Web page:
Health care may be problem in House immigration bill

Now that the Senate Judiciary Committee has reported the major Senate immigration bill, S 744, out of committee and the full Senate is about to start debate on the measure, focus is beginning to turn to the House of Representatives. Getting a bill out of the House may be harder, mostly because the Republicans have a 233 to 201 majority there.


Media reports suggest that a major stumbling block may be the issue of access to health care. Under present law, undocumented immigrants do not have access to federally funded, non-emergency health care including Medicare, Medicaid, CHIP (Children’s Health Insurance Program) and “Obamacare” (the Patient Protection and Affordable Care Act).


Many undocumented workers pay into Medicare through deductions from their paychecks, and all contribute, directly or indirectly, to the fiscal base for federal, state, county and local health care programs through the taxes they pay.


And remember that the work of the between 7 and 8 million undocumented workers in this country creates great fortunes for the companies big and small who employ them, and who are themselves under-taxed and thus are not supporting health care services at a fair rate.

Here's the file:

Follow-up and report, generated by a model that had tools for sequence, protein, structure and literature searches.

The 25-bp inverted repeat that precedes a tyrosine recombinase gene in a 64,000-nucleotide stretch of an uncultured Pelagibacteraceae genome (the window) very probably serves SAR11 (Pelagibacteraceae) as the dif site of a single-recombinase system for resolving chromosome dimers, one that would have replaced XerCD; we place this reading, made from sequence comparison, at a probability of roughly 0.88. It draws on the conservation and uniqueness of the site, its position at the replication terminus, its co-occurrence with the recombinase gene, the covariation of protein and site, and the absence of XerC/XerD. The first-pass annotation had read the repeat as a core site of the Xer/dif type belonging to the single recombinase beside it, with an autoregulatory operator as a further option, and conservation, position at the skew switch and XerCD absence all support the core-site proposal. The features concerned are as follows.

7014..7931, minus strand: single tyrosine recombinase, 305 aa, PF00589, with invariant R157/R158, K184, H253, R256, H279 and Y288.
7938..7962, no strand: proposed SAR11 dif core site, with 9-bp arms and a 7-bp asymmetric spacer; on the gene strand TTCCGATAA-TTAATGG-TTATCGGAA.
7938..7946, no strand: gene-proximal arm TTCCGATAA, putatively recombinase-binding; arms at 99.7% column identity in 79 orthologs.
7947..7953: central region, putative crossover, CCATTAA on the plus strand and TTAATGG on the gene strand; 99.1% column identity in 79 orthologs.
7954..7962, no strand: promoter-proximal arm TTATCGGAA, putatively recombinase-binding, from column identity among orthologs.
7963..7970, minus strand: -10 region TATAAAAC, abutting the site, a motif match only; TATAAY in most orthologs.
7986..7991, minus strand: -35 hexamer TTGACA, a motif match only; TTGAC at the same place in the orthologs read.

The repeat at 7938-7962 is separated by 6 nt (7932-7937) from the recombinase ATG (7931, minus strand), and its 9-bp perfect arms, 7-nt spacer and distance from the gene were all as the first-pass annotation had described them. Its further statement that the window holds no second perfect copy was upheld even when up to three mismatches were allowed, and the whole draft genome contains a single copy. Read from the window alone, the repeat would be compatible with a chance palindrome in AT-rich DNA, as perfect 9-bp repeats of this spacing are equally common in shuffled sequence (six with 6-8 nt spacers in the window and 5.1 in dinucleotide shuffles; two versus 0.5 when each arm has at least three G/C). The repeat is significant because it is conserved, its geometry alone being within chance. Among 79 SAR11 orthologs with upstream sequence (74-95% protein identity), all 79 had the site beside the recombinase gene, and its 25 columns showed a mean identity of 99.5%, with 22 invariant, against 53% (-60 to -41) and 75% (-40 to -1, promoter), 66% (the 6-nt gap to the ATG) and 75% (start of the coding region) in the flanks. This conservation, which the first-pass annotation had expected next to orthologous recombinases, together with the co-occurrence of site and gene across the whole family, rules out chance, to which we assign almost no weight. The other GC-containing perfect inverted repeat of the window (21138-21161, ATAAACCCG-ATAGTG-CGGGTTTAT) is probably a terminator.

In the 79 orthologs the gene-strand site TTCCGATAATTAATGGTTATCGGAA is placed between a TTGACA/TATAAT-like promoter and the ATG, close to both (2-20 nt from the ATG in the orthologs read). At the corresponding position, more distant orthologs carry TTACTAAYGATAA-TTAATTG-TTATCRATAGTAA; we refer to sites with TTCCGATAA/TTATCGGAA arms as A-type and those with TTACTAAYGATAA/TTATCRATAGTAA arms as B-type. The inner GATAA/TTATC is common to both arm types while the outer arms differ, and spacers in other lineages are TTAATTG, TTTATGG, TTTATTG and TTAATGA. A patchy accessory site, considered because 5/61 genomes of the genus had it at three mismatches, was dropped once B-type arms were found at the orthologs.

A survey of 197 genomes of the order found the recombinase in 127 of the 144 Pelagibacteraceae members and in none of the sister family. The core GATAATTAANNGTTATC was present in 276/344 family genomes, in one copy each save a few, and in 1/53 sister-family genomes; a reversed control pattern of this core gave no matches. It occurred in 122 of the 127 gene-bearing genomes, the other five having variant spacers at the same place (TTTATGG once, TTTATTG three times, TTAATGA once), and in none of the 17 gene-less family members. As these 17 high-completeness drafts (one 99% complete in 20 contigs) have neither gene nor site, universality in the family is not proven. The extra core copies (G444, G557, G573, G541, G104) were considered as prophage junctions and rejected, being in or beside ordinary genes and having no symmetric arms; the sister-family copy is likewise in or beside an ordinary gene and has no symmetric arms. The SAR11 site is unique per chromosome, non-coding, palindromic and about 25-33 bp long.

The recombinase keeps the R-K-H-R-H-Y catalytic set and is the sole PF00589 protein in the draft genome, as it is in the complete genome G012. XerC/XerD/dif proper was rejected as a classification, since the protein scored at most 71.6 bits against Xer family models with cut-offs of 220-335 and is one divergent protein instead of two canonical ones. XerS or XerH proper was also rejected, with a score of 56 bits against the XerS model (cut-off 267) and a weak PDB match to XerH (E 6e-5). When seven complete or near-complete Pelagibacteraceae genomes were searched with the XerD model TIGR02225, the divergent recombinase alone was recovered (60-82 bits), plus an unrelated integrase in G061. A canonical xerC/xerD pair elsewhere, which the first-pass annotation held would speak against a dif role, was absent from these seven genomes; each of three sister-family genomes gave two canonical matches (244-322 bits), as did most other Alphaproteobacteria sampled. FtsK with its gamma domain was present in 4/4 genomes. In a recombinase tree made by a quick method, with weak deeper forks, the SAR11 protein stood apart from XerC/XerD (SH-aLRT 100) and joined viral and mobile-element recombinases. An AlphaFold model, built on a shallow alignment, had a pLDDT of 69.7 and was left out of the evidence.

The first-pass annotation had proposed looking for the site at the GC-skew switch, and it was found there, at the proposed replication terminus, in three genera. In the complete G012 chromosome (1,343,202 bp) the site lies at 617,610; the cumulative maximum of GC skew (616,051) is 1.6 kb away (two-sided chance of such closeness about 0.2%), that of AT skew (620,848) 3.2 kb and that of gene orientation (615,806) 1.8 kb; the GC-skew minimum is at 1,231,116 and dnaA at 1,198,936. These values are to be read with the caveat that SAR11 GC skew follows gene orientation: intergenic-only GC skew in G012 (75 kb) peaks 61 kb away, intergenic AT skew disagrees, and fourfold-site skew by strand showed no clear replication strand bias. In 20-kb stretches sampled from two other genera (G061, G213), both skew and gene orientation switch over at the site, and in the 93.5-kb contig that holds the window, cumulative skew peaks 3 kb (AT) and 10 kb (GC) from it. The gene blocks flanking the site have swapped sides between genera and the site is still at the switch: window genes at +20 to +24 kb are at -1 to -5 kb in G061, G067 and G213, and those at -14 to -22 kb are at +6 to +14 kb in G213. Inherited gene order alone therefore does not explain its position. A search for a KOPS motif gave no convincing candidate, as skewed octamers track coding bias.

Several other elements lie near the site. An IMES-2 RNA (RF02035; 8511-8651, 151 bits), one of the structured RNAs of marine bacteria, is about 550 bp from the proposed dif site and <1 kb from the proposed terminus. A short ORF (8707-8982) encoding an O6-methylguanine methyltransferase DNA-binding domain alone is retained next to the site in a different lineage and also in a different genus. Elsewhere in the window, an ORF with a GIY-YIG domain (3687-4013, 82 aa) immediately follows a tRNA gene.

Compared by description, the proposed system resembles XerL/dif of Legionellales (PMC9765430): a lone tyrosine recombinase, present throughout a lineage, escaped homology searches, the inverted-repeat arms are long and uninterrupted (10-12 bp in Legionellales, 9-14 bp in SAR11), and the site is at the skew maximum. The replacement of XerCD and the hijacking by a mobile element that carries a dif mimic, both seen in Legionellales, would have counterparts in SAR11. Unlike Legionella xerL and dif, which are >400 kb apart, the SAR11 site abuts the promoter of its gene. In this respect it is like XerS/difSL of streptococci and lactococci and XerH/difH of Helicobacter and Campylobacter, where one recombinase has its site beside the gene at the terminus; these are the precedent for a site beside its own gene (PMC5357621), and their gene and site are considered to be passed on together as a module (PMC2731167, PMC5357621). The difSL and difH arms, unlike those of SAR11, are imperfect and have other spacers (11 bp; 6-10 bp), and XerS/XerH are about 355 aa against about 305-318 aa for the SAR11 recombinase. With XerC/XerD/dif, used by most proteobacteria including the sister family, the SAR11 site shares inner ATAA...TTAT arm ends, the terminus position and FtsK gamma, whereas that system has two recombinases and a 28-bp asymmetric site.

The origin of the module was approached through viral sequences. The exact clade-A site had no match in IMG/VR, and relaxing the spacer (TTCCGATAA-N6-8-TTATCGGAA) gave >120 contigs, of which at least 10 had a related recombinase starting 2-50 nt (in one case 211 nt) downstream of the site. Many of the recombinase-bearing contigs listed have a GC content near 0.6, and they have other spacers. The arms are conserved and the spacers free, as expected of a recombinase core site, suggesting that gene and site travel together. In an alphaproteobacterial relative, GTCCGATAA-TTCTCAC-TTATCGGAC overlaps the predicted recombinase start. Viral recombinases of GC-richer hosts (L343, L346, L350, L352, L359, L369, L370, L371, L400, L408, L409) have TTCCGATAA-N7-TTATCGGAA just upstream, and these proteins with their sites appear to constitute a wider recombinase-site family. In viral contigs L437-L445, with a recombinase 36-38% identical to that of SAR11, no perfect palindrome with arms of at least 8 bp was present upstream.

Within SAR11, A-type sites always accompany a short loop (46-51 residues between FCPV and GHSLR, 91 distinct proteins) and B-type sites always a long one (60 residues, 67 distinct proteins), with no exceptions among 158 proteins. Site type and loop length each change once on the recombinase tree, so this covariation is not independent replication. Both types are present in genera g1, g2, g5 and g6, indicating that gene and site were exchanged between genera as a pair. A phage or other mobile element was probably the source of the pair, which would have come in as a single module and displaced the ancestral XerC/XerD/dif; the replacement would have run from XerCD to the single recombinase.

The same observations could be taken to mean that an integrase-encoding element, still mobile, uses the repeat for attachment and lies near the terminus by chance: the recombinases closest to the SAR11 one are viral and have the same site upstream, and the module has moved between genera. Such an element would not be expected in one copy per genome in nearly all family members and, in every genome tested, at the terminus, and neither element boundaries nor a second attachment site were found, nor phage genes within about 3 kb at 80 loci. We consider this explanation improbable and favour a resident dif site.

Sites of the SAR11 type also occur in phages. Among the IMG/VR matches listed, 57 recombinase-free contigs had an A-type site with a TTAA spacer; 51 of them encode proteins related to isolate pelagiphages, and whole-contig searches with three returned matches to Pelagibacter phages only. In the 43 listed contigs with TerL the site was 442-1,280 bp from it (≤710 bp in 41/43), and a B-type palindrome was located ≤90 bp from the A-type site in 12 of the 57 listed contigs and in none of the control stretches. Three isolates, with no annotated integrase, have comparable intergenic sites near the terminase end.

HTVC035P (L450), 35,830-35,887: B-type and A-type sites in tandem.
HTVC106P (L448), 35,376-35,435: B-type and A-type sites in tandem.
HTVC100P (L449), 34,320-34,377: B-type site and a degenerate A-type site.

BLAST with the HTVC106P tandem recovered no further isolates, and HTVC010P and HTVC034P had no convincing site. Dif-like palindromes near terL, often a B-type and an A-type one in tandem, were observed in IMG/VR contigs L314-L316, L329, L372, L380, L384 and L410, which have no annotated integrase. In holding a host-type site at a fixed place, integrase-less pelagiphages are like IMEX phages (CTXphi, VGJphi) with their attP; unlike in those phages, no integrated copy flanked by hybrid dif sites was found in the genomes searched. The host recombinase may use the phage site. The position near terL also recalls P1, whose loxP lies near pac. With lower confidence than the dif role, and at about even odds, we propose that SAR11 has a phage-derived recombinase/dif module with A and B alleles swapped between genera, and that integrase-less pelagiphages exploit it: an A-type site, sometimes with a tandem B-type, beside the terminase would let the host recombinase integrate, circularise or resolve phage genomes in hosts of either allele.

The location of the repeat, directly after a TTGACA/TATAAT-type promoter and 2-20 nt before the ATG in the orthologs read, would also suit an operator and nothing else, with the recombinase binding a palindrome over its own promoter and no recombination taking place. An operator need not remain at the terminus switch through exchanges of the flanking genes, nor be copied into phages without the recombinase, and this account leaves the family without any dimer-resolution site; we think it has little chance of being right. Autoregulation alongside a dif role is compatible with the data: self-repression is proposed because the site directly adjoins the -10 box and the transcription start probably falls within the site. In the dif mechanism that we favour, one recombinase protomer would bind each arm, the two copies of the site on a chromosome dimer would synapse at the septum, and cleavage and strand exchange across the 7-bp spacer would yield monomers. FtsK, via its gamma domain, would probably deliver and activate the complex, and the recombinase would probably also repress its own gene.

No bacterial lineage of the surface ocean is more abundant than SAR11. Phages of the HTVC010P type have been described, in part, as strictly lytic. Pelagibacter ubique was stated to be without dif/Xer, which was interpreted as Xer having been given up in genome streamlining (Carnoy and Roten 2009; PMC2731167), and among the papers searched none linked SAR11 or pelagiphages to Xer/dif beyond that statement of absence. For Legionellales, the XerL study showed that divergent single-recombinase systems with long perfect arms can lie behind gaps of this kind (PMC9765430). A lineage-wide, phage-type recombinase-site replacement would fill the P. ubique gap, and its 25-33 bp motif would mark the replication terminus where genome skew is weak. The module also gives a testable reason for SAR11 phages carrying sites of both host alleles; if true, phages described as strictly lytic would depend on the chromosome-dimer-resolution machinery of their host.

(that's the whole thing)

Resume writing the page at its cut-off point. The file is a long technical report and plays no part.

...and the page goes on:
Some undocumented workers have health insurance through their jobs, but most do not, and at any rate as Obamacare is implemented, we also see a pattern of employers stopping or cutting back on the provision of health care as an employee benefit.


When Obamacare was debated before being passed in 2010, there was discussion around exclusion of undocumented workers. The Republicans yelled that inclusion of undocumented workers would have amounted to a giveaway to criminals. The Democrats and the administration backed down, saying that pushing the matter at that point would undermine the chance of passing health care reform. The result of this is that today, undocumented immigrants are excluded from Obamacare to the extent that they are not even allowed to buy insurance through the federal and state exchanges using only their own money, with no federal subsidy.  


Under proposed Senate and House legislation, they would probably be able to buy into the exchanges, but could not get federal aid for doing so.

In a number of states, arrangements have been made to cover the undocumented with Medicaid but only with money provided by the state government, not federal money.  Also, in mixed-status families – those with some undocumented members and others who are U.S. citizens or permanent legal residents – the undocumented family members are excluded.


Now the fight in the House is about whether former undocumented immigrants undergoing legalization (in the status the Senate bill calls “Registered Provisional Immigrants”) will have access to any kind of non-emergency health care paid for with federal money. The consensus seems to be “no,” with the Republicans (as in 2010) yelling about giveaways to lawbreakers, and the Democrats (as in 2010) disagreeing but not wanting to insist for fear that pushing the health care access issue will scuttle the legislation.